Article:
Repair Spurs for wooden posts

Post Repair Spurs

When to use a Repair Spur

Using a post-repair spur can be a very cost, and time-efficient means of fixing a wooden fence post rotted off at the base.
If the fence supported by the post is not in a sound condition, it may be more cost-effective in the long term to consider replacing the post and all or a portion of the fence instead of using a post-repair spur. Our Sales Team will be happy to help you compare costs.

Gate posts that have rotted at the base should be replaced. Trying to repair a gate post with a spur is generally not a good idea.

Tip.   If you spot your fence is wobbling around because a post has rotted off, prop it up and try to support the fence as best, you can. This will reduce the chance of the rest of the fence being damaged as well. Repair with a spur, or replace the post as soon as possible.


The basic idea is to dig down, using a chisel and point bar to knock a hole through any concrete used, usually on the inside face of the post. Making the hole big enough to take the type of spur you have chosen and about half the length of the spur deep. (usually about 60cm (2ft) to 75cm (2ft 6ins)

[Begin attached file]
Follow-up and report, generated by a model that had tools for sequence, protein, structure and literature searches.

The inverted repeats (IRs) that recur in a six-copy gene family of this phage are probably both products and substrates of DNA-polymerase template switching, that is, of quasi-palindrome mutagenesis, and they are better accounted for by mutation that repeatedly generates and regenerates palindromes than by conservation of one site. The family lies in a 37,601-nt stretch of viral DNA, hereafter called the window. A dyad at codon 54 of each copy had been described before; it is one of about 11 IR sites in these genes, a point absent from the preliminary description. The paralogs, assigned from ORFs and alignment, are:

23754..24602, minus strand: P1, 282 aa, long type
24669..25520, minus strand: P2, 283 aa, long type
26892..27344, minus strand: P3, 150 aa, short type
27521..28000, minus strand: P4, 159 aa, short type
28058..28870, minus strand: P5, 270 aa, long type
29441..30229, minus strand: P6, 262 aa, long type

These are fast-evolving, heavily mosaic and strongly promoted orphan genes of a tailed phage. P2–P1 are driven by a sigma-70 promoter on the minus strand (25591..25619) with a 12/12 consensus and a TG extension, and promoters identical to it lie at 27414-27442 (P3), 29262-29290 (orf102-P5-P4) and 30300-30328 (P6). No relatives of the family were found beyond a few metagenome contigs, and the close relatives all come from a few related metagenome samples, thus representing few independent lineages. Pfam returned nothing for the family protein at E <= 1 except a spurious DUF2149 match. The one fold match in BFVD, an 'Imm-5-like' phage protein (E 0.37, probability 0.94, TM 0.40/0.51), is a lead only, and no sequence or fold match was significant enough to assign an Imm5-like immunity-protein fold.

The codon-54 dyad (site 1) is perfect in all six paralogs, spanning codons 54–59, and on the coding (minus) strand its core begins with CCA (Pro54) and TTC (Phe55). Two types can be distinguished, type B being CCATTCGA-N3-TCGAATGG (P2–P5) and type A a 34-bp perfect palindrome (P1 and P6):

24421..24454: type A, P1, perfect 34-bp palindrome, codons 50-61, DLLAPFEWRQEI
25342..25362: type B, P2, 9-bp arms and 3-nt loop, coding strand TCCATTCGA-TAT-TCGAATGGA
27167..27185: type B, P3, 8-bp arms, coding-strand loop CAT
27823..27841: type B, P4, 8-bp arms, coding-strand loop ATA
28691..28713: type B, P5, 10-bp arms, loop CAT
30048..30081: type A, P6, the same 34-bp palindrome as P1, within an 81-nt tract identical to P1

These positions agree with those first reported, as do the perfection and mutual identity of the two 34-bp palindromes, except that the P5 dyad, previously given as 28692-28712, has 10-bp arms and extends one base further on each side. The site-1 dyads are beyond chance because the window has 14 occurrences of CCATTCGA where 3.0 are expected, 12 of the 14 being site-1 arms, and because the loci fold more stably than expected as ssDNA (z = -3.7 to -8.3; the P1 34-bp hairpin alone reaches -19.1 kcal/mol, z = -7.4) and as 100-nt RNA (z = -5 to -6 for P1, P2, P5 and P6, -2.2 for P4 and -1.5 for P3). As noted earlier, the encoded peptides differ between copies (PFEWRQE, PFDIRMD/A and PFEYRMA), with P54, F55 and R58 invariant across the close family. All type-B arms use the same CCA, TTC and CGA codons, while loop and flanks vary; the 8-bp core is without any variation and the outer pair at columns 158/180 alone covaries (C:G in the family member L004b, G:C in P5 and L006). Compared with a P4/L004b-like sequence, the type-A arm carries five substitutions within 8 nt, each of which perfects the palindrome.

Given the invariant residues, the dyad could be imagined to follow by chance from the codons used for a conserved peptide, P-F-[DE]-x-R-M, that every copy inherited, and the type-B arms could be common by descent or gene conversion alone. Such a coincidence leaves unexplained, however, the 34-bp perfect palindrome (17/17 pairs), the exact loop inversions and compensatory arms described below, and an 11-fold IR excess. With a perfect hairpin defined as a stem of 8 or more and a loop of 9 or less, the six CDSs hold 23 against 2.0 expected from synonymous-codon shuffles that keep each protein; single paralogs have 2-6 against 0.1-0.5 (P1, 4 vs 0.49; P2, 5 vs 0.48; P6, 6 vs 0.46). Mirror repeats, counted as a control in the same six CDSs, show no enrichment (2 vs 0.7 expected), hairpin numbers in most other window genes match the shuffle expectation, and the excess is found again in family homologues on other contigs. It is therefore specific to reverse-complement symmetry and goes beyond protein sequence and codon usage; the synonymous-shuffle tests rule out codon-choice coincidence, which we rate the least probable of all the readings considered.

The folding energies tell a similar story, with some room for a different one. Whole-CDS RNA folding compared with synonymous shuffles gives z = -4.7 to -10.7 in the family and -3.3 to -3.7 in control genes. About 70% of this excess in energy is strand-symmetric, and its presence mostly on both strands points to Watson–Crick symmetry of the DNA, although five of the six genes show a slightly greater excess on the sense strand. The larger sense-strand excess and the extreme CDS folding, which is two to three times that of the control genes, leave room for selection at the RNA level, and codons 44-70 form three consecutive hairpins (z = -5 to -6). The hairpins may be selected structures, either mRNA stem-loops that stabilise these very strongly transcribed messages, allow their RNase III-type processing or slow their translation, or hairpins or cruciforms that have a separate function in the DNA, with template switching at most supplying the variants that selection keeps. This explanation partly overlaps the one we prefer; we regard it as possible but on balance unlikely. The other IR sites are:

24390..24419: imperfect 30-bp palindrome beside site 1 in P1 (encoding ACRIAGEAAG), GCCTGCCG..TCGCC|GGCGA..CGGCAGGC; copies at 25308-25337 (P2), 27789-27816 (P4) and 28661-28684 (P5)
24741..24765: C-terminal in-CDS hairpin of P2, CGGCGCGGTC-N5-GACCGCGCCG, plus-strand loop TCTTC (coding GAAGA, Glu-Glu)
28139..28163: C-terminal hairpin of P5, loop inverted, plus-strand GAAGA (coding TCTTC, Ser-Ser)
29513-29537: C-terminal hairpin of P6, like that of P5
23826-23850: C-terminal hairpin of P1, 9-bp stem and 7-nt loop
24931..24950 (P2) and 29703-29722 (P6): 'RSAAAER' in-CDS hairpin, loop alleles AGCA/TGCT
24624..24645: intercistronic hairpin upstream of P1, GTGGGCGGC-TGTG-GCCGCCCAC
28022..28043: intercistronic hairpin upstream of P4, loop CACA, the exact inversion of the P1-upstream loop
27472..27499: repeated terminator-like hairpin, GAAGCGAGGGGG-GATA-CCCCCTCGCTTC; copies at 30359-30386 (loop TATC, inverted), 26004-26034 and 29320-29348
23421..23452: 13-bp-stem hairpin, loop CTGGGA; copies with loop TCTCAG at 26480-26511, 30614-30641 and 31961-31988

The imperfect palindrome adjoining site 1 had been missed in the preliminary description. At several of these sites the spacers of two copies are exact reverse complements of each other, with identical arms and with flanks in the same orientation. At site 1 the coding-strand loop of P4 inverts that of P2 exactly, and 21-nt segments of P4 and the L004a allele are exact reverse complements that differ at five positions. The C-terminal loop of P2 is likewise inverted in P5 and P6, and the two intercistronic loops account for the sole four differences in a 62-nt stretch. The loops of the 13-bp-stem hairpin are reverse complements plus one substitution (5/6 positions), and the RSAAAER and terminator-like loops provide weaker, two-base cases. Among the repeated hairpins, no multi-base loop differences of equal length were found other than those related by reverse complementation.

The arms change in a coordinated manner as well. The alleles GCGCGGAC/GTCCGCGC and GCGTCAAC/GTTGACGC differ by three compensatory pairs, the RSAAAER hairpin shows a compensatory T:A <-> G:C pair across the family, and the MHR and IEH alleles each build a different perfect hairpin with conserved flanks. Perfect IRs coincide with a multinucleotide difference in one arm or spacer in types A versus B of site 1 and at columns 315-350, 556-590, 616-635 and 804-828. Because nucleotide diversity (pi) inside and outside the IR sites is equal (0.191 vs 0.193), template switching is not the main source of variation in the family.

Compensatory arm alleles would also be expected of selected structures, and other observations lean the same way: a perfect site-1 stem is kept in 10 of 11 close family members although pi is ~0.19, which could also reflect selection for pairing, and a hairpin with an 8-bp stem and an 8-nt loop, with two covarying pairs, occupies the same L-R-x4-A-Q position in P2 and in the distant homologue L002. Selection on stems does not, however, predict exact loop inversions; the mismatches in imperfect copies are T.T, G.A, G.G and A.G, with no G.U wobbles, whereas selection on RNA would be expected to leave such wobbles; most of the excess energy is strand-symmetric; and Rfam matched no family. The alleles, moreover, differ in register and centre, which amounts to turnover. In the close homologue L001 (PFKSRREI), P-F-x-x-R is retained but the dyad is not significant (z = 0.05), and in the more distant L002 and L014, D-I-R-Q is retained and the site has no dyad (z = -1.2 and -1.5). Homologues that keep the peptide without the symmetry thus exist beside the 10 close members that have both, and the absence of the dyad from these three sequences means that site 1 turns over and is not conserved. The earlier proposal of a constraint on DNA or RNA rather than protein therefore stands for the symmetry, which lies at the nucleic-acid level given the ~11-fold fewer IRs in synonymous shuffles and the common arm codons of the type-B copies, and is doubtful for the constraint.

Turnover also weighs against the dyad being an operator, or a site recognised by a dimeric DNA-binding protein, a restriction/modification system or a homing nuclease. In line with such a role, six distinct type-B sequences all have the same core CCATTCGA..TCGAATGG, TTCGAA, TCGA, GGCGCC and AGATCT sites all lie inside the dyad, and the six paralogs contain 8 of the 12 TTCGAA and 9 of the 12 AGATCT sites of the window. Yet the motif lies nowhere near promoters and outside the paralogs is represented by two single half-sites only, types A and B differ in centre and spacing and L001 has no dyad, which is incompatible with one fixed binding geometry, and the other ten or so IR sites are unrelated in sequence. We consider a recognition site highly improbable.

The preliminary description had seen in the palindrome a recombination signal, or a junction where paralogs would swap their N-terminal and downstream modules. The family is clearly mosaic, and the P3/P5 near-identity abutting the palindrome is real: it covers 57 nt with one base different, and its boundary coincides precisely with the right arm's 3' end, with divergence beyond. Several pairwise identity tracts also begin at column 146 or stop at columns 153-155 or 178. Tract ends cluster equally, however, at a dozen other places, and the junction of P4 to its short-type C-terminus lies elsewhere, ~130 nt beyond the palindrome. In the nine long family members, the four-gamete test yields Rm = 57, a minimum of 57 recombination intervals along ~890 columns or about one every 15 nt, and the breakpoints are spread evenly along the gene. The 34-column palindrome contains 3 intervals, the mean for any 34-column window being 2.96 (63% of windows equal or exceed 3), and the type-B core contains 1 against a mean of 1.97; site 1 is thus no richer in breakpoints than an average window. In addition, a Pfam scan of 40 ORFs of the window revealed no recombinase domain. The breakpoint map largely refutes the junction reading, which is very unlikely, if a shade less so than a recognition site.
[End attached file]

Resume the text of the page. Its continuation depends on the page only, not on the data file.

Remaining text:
If the hole is too shallow, the spur will not fully support the post.

The spur is lowered into the hole and fixed into position using quick-setting post-mix and either secured to the post with bolts if you have access to both sides of the fence or Coach screws/Landscape screws.

Types of Repair Spur

There are two types of repair spurs …

1/ Wooden spur.
1.5m length of the same dimensions as the post being repaired.
Attached using a minimum of 2 landscape screws.

2/ Concrete spur.
Available in 75mm x 75mm or 100mm x 100mm.
Attached with either 2 or 3 bolts Or coach screws.

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